Tag Archives: iceland airwaves

Essential Tips For Making the Best of the Iceland Airwaves Off-Venue Gigs

Unless you’ve been living under a rock in the past two decades, you’ve probably heard or read some rave reviews about Reykjavik’s Iceland Airwaves Festival, which took place from 1-5 November 2017. It’s a music lover’s indoor festival dream come true plus it takes place in one of Europe’s tourism hotspots (literally, given all the geothermal activity there!), so it’s the perfect combo for travellers with a love for live music. What you might not have heard of is that the festival has a large number of fringe events, half hour sessions taking place in venues around town, which don’t require a festival pass and are completely free. Amazing, right? In order to make the best of them though, you need to come prepared. I’ve done all the legwork for you this year and compiled this list of tips for getting the best out of the Airwaves off-venue gigs. Here we go:

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Pick a Strategic Place to Stay

As most of the off-venues are right in Reykjavik city centre, it makes a lot of sense for your temporary digs to be as central as possible, so you can get everywhere on foot, especially if the weather is terrible (I had four rainy days out of six with one proper storm). There are no options like Uber and taxis are dear, unless you can share with friends. After speaking to a couple of long-time festival goers, I opted for KEX Hostel, which is also one of the off-venues (see pic below, Högni) and has a self-catering kitchen. I had been a bit worried it would be more of a party hostel, but a lot of other folks where there for the festival, too, so everyone was friendly and laid-back plus the dorms had good heating and comfy beds. Loft Hostel (even more central) and Oddsson Hostel are other good alternatives and also off-venues. There are also plenty of airbnbs, hotels and apartments you can rent, but they get booked up really fast during this time and most of them are not exactly very budget-friendly.

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Come Prepared – Apps, Deals & Special Events

Download the excellent festival app, which lets you sort the schedule by all events or off-venues only, has maps and notifications for special deals and venue changes. The second app you need is Appy Hour, alerting you about the cheapest drink (and some food) deals around town as a pint is normally around 7-9 pounds and simple meals start at around 15 pounds. The Reykjavik Grapevine (English-speaking news about the city) also publish a great festival special, a free magazine, which you can pick up at venues around town with schedules and additional offers. This is also how I found out about a special venue on Laugavegur street run by Reykjavik Grapevine (keep an eye on the #GrapeWaves hashtag), which was like a pop-up art gallery, where they displayed festival magazine covers and organised special performances by cool musicians like Soley (pic below) plus a fridge with free beer (while stocks lasted) and goodie bag giveaways. Again, make sure you get there before it opens, which on the day I went was 5pm.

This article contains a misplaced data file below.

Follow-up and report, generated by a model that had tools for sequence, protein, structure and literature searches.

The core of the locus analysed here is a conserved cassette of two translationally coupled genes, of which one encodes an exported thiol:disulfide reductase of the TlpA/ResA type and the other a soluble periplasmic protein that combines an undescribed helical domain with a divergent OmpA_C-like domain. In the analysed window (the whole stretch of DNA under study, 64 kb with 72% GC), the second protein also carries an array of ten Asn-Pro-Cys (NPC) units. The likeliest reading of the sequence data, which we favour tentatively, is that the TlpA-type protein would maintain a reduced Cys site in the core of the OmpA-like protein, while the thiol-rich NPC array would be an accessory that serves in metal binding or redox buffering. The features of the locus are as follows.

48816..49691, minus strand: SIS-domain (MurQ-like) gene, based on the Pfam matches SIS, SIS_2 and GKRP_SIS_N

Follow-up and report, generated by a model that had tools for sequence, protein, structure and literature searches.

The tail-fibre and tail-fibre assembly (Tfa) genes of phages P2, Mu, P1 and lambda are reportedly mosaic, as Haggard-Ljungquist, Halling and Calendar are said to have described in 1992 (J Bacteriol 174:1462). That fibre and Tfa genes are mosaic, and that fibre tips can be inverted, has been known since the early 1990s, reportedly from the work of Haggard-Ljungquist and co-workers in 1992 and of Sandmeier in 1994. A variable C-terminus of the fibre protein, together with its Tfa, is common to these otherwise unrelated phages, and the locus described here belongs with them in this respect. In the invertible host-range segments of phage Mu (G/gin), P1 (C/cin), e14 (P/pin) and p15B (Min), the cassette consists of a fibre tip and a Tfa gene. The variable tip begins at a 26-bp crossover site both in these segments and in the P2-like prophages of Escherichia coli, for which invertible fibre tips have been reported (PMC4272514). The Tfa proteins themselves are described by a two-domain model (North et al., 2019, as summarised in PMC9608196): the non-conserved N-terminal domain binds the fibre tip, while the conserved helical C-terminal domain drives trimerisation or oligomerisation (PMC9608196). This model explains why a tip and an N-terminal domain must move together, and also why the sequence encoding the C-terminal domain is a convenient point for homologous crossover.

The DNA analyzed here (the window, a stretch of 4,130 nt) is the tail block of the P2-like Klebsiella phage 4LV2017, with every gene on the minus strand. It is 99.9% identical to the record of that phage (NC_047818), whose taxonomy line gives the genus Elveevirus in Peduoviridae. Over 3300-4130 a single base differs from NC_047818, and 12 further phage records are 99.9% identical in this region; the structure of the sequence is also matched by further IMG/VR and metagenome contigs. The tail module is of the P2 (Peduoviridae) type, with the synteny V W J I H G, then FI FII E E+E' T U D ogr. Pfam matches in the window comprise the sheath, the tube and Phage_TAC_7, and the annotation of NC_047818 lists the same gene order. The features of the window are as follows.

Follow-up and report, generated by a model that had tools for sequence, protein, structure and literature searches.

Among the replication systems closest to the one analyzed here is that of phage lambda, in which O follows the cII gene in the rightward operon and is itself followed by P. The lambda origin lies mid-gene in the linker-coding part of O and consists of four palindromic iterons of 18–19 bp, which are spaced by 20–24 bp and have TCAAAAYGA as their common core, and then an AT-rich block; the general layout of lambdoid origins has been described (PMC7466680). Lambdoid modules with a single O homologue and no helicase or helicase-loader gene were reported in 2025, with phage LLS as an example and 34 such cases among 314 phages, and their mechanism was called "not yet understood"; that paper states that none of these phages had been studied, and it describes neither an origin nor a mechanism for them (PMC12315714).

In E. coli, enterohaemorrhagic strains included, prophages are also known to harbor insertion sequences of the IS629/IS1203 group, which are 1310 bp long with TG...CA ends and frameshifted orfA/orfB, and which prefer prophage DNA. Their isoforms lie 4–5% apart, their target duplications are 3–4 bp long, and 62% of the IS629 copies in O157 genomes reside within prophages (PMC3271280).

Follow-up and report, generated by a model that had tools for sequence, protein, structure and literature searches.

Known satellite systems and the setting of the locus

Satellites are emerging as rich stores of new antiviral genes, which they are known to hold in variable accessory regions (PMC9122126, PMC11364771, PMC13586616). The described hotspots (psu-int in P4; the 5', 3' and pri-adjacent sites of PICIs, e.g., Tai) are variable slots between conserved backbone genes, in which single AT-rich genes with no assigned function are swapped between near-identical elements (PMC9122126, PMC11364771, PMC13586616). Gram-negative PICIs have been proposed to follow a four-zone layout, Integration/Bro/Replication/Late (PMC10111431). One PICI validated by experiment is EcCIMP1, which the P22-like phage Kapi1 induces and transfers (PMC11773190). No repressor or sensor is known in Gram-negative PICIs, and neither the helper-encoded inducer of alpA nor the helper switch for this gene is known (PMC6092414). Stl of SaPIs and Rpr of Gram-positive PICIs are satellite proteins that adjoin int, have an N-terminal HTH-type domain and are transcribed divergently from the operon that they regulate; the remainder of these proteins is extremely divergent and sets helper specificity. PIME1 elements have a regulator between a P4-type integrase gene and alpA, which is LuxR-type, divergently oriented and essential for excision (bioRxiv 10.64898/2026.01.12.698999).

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Get recommendations From Those in the Know

As I knew zero of the off-venue bands, my strategy was to discover as many different venues as I could fit in and hopefully find some great bands along the way. I started (very conveniently!) by walking down the stairs to the KEX hostel bar where the fab Seattle radio station KEXP was live streaming gigs every day. All their sessions were excellent and I was glad I’d made the place my base. In between the half-hour shows, it was easy to get talking to music fans from around the world and asking them to help you figure out which bands to see next. So much fun!

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Awesome Music from All Sorts of Genres

In no particular order, these are some of the bands I discovered at Airwaves and really enjoyed listening to this year. Quite a few of the bands sang (at least some songs) in Icelandic, which sounded beautiful and I was also pleased to see that there were lots of great up-and-coming female musicians in the off-venue line-up.

Between Mountains (young female Icelandic duo, beautiful harmonies), Groa (three female Icelandic musicians rocking out),  Emiliana Torrini & The Colorist Orchestra (probably my fav performance all week, beautiful sound), HAM (if you’re a metal fan, one of the singers moonlights as Iceland’s health minister), Bangoura Band (world music, the first gig I caught, groovy and fun), Fox Train Safari (Icelandic Soul Music, so great), Hatari (crazy show, worth it just for that), I Am Soyuz (Swedish singer-songwriter), JFDR (experimental Icelandic pop), Myrra Ros (Icelandic singer-songwriter), Kiasmos (Icelandic electronic group), Mammut (great live show), Snorri Helgason (very humorous songwriter and storyteller), Soley (beautiful Icelandic alt-pop), Graveyard Club (American melodic synth-pop band), Högni (Icelandic singer-songwriter, also in electronic group GusGus).

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Great Quirky Venues from Book Shops to Cinemas

These are some of my favourite off-venues around Reykjavik:

KEX Hostel – beautiful bar setting and great sound
12 Tonar – tiny but great record shop (see pic above)
Boat Andrea – on an actual whalewatching boat in the harbour, seating and good sound, one of my fave venues, see pic below, stunning, right?
Solon Bar – stylish bar on first floor (restaurant downstairs)
Kaffibarinn – quite small bar, so arrive early
IDA Zimsen Bookshop Café – cosy bookshop café with seating
Aurora Reykjavik – by the harbour, gigs in room with Northern Lights video on giant screen behind musicians, quite magical, quieter music
Bruggjan Brugghus  – this place is quite big (by the harbour) and it was packed when I got there for a pretty popular band, a good place to have food while seeing a gig if you can grab a table early in the day
Loft Hostel – take the lift to the 4th floor and enjoy music and a nice Swiss mokka in one of the cosiest places in town (spent half a day there when the storm was raging outside)
Kaffi Vinyl – great vegan food, records and nice seating, arrive early
Bio Paradis – the lobby of a local cinema, always space to join for a gig a bit later, some seating, coffee/bar
Dillon – great attic space in a whiskey bar